A note on Ola
The Ola Hallengren backup solution (link) works well in EC2 when writing to EBS storage as this is just treated like a local drive. It also works well if writing to Azure Blob Storage. Whilst it also works with 3rd party backup tools such as LiteSpeed, it doesn’t cater for the latest LiteSpeed functionality that does allow writes directly to S3. I have written to Ola to ask if this is something that could be considered for a future release but until then, I am unable to use Ola’s solution.
Option 1 – Write to EBS and Sync with S3
Take a database backup using t-sql. Better still, schedule a job via SQL Agent to run at a set interval.
BACKUP DATABASE [Test] TO DISK = N'D:\MSSQL\BACKUP\Test.bak' WITH NOFORMAT, NOINIT, NAME = N'Test-Full Database Backup', SKIP, NOREWIND, NOUNLOAD, STATS = 10
Using the AWS command line, copy the backup from your EBS volume to your S3 bucket. This should be step 2 of your agent job.
aws s3 sync D:\MSSQL\BACKUP s3://sqlpoc-backups/prod-backups
Delete the backup on EBS so the space will be available for the next backup. I have used PowerShell to do this but you can choose any method you prefer. This should be step 3 of your agent job.
remove-item D:\MSSQL\BACKUP\* -Recurse
Note: When sizing your EBS volume, it needs to be at least the size of your biggest database backup (with some room for growth). If this is the size you choose, bear in mind you can only back up one database at a time. If you size the drive bigger, you can back up more databases in the same job before syncing with S3 however this will be more expensive. With EBS, you pay for the size of the volume allocated, not just what is used. This is different to S3 where you only pay for data stored.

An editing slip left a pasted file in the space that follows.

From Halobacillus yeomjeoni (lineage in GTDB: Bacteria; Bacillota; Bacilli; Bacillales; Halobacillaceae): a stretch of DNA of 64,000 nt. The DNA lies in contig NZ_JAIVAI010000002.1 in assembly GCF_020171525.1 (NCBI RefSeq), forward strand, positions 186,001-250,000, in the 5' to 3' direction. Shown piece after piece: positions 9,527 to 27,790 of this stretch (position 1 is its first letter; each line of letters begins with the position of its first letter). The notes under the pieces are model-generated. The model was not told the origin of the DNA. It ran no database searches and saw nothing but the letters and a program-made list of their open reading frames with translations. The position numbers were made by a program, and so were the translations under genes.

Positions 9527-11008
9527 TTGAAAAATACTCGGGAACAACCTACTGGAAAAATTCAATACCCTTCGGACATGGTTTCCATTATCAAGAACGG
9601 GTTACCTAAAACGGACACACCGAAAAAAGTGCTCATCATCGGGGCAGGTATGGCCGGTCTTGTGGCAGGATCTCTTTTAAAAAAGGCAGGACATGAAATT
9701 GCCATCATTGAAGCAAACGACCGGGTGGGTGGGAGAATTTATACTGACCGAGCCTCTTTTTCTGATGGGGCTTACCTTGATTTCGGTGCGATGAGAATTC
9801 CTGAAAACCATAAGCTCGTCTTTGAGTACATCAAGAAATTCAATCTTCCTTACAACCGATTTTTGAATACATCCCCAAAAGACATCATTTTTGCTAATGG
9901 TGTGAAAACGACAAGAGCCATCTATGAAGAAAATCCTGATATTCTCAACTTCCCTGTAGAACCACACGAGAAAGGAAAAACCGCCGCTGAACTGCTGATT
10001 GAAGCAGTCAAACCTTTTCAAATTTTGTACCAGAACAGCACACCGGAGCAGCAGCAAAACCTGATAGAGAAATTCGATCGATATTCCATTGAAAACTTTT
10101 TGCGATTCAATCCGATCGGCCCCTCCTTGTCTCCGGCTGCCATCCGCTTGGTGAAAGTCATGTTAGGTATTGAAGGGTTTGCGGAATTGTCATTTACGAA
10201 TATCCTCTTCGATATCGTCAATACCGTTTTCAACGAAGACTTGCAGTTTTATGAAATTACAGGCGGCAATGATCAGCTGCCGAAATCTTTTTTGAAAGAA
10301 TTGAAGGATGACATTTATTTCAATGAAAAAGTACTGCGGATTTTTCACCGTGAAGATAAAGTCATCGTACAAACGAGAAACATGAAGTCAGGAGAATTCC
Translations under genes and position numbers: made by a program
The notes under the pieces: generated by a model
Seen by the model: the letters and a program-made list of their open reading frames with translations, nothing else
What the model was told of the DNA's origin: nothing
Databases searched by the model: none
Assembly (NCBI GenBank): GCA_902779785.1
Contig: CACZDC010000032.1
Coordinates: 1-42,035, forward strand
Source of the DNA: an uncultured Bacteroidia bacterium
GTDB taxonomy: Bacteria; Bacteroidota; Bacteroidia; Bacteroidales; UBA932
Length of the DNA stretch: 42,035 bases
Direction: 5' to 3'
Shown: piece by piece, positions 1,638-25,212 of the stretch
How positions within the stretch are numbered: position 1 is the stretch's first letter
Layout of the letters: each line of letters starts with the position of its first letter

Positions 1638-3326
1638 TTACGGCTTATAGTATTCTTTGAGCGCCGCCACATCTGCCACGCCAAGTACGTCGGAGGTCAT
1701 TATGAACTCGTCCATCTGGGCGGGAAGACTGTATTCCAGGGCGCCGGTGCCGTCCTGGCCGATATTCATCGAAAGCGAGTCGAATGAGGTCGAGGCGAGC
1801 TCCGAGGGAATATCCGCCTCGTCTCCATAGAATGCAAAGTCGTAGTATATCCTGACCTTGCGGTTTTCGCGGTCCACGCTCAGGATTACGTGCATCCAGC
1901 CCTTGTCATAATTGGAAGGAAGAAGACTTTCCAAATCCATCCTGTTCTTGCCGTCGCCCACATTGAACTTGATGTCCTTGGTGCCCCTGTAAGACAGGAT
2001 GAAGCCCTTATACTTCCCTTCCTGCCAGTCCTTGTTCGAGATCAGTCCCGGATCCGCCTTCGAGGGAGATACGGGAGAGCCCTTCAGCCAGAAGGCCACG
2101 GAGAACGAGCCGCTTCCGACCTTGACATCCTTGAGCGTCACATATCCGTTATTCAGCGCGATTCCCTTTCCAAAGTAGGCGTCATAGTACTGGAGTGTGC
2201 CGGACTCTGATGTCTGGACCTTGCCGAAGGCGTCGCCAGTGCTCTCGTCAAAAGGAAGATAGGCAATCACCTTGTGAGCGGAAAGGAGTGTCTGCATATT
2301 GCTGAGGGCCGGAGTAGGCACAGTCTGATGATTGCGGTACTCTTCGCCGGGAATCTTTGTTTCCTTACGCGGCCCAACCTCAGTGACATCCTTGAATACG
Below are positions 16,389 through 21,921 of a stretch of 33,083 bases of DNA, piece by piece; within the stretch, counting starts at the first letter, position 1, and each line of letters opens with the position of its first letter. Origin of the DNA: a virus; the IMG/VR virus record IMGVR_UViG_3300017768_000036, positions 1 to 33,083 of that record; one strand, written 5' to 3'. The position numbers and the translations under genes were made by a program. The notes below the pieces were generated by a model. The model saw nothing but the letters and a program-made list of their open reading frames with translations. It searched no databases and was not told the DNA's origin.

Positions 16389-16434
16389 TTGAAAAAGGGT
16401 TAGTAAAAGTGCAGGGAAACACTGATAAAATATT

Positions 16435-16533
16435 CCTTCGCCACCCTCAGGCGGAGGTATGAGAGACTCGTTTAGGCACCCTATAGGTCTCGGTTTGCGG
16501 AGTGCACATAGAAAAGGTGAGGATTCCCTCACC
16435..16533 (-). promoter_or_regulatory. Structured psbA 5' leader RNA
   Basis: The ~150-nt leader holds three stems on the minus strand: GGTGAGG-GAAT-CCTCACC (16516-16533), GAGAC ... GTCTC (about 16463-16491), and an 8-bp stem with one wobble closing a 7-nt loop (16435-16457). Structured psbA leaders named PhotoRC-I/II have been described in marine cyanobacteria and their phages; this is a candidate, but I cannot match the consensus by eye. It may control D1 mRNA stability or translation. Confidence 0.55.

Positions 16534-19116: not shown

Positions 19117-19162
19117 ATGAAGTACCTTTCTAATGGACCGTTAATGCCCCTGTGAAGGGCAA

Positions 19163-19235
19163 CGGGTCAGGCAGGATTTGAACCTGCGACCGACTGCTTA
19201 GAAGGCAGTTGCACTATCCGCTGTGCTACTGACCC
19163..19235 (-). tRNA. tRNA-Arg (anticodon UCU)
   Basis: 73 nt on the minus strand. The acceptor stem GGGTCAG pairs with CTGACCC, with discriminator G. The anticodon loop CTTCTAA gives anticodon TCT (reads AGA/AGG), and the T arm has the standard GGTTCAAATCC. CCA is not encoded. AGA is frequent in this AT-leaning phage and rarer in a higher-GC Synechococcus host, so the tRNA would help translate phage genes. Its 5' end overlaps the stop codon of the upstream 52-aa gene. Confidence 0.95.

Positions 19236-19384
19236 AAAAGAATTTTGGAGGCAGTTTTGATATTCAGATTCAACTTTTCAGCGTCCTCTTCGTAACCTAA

Option 2 – Write directly using LiteSpeed
Quest LiteSpeed is a 3rd party product for backing up SQL Databases. One very useful feature of enterprise edition is that it allows you to backup directly to Amazon S3. This is huge because it takes away the need for any intermediate storage, VMs or other services. It pushes your backup directly to the desired bucket location in S3. To do this, you’ll need to add a few new parameters to your backup calls but overall, it’s saves a load of hassle.
Note: This isn’t an ad for LiteSpeed, my decision to use it is down to my company already having a license agreement with Quest. If I didn’t have this in place, I would more than likely go with option 1, ultimately cost would be the deciding factor unless the difference was small.
Before writing your t-sql for the backup job, you will need to add your cloud account details to the LiteSpeed desktop app. Here you will need to pass in your Cloud Vendor, Display name, AWS Access Key, AWS Secret Key, region, storage class and bucket name.